When a real estate agent asks you about your value proposition, how do you usually respond? When agents ask this question, what they’re actually wondering is: “what’s in it for me?” This is the primary concept to understand when formulating your value proposition. With this knowledge, you must find a way to wrap up your office into an appealing offer for recruits.
To begin this process, start writing down all the benefits that your brokerage has to offer an agent. An approachable way to do this is to split up your information into different segments. For example, rather than saying you offer support and training, delve deeper into what kinds of support and training. Show potential agents the types of training and support you supply and how that translates to improving their business. Keep in mind that coaching and training are commonly used terms across real estate offices. For your office to stand out, you should be specific and show how your programs are unique and effective. You can accomplish this by showing your training materials and making a visual presentation.
Also, technology should be a major facet in your value proposition. What is in your technology package for agents? Do you offer a website, social media automation, and lead generation tools? Compile a list of all the technological tools your team gets and then promote that during recruitment.
In addition to training and technology, your physical office space can be a part of your value proposition. The location, outside appearance, and interior set-up can be major deciding factors for a potential agent.
Ask yourself these questions regarding your value proposition:
“Is this the type of environment that a successful agent would thrive in?”
If your office isn’t furnished—or poorly furnished—agents will immediately have an unsatisfactory first impression of the space. Office culture is also at play here. Actively foster a team spirit and friendly energy in your office.
“Are my computers, printers, etc. up to date?”
Agents won’t be impressed by outdated equipment, in fact they’d probably rather bring in their own computer than use a slow one you’ve provided. Broken down equipment could also cost you agents if you don’t work to update or replace your systems.
“Is my location in a high traffic area with great sign exposure?”
In other words, have you picked up walk-in business due to your location? Walk-ins can be the best clients, so this will be appealing to potential agents.
“How’s my lead generation?”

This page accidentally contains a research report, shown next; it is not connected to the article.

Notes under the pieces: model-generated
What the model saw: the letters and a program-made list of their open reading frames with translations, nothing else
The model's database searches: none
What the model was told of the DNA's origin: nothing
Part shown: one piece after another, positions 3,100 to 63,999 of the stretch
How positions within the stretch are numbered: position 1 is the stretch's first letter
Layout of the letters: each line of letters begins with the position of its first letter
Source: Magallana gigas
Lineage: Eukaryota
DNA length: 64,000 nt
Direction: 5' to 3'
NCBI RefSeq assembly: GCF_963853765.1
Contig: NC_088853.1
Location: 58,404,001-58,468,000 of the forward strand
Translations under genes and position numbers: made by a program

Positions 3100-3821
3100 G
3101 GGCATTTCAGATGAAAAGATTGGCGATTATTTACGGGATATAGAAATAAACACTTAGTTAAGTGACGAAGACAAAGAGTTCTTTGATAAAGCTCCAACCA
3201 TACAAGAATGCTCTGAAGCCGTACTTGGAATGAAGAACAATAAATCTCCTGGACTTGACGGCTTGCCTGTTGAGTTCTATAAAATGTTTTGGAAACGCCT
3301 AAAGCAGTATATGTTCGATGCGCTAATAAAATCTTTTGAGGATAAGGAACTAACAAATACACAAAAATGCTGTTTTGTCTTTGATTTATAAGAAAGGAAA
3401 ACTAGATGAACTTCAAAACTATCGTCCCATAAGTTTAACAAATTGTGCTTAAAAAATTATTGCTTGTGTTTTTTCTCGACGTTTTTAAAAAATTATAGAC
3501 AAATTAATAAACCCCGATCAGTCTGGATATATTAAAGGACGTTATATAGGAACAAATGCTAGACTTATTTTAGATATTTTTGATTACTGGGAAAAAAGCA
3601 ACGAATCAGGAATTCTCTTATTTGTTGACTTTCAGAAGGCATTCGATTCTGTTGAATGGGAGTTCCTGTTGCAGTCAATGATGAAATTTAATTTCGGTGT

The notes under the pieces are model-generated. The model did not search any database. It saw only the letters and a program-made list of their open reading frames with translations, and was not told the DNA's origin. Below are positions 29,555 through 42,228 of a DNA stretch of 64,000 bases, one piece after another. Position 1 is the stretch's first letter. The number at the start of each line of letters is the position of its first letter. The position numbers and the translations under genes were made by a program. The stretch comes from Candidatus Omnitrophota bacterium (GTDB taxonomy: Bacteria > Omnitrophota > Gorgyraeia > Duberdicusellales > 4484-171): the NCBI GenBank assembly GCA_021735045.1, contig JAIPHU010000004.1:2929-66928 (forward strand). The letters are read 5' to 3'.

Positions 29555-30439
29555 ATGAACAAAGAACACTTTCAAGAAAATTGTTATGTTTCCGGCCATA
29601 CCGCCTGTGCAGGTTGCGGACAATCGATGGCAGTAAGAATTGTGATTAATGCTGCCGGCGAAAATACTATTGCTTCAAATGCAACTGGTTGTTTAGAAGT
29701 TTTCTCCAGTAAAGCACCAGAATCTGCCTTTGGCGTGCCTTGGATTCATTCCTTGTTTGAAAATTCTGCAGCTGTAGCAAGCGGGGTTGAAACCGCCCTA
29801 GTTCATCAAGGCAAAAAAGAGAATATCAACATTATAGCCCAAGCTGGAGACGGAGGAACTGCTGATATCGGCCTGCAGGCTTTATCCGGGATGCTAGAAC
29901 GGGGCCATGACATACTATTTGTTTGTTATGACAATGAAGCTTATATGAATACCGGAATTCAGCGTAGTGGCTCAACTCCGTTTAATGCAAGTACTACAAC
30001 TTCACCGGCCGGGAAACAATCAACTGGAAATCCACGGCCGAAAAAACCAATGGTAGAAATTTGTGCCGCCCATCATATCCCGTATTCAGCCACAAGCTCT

If you don’t currently have any lead generation strategies, there are multiple ways you can start. A simple way to begin is to advertise in various publications or websites, such as Realtor.com, Trulia, and Zillow. Distribute these leads to your agents and use them as a recruiting tool. Agents always appreciate being provided with new leads!
“What are my recruiting incentives?”
Today, varied recruiting systems exist at plenty of real estate companies. These kinds of systems are excellent for attracting agents and keeping them at your office. If you’re an independent brokerage, you may face a challenge of not being able to offer agents long-term or retirement income. This is an advantage of franchise systems, as they often collect commissions as royalties and pay them out over time.
If you decide to use recruiting incentives, keep in mind a few key elements. Top producing agents demand more and earn high commissions, regardless of anything else you can offer them. Systems that are based on a 60% to 80% platform which are difficult to recruit excellent agents on. Multilevel systems—although appearing lucrative by paying multiple people out of each transaction—actually dilute the commission to the point that it is too taxing to the transactional agent. Ideally, you want to have a system that offers a residual/retirement income to the agents plus a competitive commission structure.
Last, but not least, your value proposition must include your actual commission structure. Basically, there are two systems: the conventional split type and the fee system. Both have their advantages and disadvantages, so it is a personal decision up to you as the broker. However, if you use a fee system, try to avoid high monthly fees since they will deter agents. No matter what system you choose, ensure that you have a competitive edge. Remember, you don’t need to be the least expensive option to succeed in the real estate industry.
If you recruit on money, you will lose on money. Price is only a factor in the absence of value; by creating a business with high value, agents will be willing to pay higher fees. A cheaper model will always come along, and if that’s your value proposition, your agents will jump ship. Ultimately, you need to show agents what you can offer and how they will complete more deals through your office.